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A raised arm showing the placement of the birth control implant.

Illustration by Marta Pucci

Sex

What it’s like to use a birth control implant

by Jen Bell, Writer
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There are so many types of birth control and it can be hard to know which one is right for you. People have a huge variety of experiences with the contraceptive implant. We reached out for personal stories—here’s what you had to say.

“If you're unhappy with the hormonal contraceptive you are taking—ask about other options”

I got my first Nexplanon implant in 2012, and had it removed in 2015. I then had a second one of the same brand put in in 2015-2016. I decided to get an implant because I was already limited due to not being able to take estrogen, and had tried the progestin-only pill as well as the injection.

The pill gave me irregular bleeding, sometimes constant bleeding, for months on end, as well as severe nausea. After a year or so I knew I had to look for another contraception method. I had a similar reaction to the progestin injection, minus the nausea, and as I was only a teenager at the time, I found it difficult to remember when I needed to get another injection (which resulted in many a post-coital panic). I was only offered the implant after expressing to my doctor that I did not want to take the pill.

The insertion was completely pain free (apart from the pin prick of anaesthetic). I felt a slight tugging when they are putting it in but no pain. My arm ached for the next few days, and I wasn’t able to do any heavy lifting with it, and there was some bruising and tenderness but nothing serious. I experienced some irregular bleeding for the first three-ish months, but it seemed to sort itself out and went from a light monthly period to 100% period free for two years.

During the last year of my first implant I did start having regular monthly periods again, and when I had my new one inserted I experienced the same irregular bleeding as before for the first few months. Side effects wise, I did find my sex drive lowered (this happens to me when I take any hormonal contraceptive) and experienced vaginal dryness (thank god for lube) however it didn't negatively impact my love/sex life at all.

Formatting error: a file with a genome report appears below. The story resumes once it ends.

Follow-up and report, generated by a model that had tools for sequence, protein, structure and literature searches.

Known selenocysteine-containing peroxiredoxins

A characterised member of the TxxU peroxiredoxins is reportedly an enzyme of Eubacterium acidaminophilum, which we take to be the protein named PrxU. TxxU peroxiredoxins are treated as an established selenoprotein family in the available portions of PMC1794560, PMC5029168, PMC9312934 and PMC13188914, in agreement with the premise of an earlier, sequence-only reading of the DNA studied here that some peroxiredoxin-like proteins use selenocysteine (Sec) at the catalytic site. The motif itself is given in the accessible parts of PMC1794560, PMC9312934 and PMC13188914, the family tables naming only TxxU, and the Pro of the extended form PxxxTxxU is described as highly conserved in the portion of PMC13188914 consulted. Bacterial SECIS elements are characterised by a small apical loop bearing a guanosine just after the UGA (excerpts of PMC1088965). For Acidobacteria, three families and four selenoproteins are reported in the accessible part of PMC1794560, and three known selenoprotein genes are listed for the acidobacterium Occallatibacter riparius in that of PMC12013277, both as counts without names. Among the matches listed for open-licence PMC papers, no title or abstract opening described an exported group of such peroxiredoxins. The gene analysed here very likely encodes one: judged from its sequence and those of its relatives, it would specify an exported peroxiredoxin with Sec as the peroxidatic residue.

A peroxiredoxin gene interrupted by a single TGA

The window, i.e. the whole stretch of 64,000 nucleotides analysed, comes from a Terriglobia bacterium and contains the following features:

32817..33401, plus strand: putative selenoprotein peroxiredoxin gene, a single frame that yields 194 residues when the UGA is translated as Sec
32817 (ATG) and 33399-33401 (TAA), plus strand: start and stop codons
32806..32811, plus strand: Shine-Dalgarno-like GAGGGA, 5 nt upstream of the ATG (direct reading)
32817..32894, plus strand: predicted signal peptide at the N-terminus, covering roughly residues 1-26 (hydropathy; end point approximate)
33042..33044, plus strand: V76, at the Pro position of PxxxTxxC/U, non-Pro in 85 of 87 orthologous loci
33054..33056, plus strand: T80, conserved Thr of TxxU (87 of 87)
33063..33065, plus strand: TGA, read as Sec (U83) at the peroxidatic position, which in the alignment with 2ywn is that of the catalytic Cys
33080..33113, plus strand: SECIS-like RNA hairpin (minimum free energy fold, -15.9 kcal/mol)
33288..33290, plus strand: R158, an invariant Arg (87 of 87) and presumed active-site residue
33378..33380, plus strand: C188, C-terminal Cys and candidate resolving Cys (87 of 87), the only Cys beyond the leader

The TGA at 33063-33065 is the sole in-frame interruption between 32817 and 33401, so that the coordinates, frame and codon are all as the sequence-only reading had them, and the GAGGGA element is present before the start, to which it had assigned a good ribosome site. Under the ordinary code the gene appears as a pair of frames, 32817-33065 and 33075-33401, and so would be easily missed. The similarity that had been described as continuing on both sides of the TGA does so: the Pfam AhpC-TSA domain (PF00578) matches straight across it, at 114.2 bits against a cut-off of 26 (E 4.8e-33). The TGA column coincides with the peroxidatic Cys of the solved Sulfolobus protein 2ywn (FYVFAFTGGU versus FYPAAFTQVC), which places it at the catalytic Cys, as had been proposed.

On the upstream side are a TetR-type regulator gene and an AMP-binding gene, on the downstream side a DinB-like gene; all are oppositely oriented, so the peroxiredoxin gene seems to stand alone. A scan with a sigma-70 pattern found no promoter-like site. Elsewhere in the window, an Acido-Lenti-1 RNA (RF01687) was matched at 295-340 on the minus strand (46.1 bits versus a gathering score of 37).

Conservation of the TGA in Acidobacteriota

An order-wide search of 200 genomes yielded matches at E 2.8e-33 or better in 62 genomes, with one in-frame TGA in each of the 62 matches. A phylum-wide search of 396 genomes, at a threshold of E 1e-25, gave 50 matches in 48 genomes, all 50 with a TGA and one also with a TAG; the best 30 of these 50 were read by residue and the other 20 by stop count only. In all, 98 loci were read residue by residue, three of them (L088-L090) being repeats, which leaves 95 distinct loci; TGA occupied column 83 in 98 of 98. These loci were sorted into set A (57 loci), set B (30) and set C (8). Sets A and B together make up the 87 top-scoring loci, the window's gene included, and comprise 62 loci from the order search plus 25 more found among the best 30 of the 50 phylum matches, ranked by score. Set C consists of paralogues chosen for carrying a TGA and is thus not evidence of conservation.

I had my second implant removed as I had been on hormonal contraception since around the age of 15 and wanted to get to know my body without the additional hormones. I went completely hormone-free for about a year, using only barrier methods, but quickly got tired of their unreliability. I decided to get the copper IUD which is still hormone free, however I am thinking about getting it removed in favor of the implant, as it has made my period cramps almost unbearable.

If you're unhappy with any hormonal contraceptive you are taking, always tell your doctor. Do not back down if they try to offer you more of the same, and ask about other options—because they are there!
—Grace, female, 22, England

“Talking with my doctor helped open my eyes about birth control options I had dismissed”

I got an Implanon implant inserted in September 2017, and have had it for over a year now. I wanted to have sex with my significant other without worrying about getting pregnant. I also hoped it would help reduce the frequency of my periods and my acne. Getting the implant inserted was a simple and quick process. I had a large bruise in the area for a few days, but no other discomfort since then. The first few months with the implant left my cycle significantly altered and unpredictable, but keeping track of it with Clue helped me a lot. My acne and frequency of bleeding are still all over the board, but I am a firm believer that this is the best birth control choice for me, and I will continue to use it for the next several years.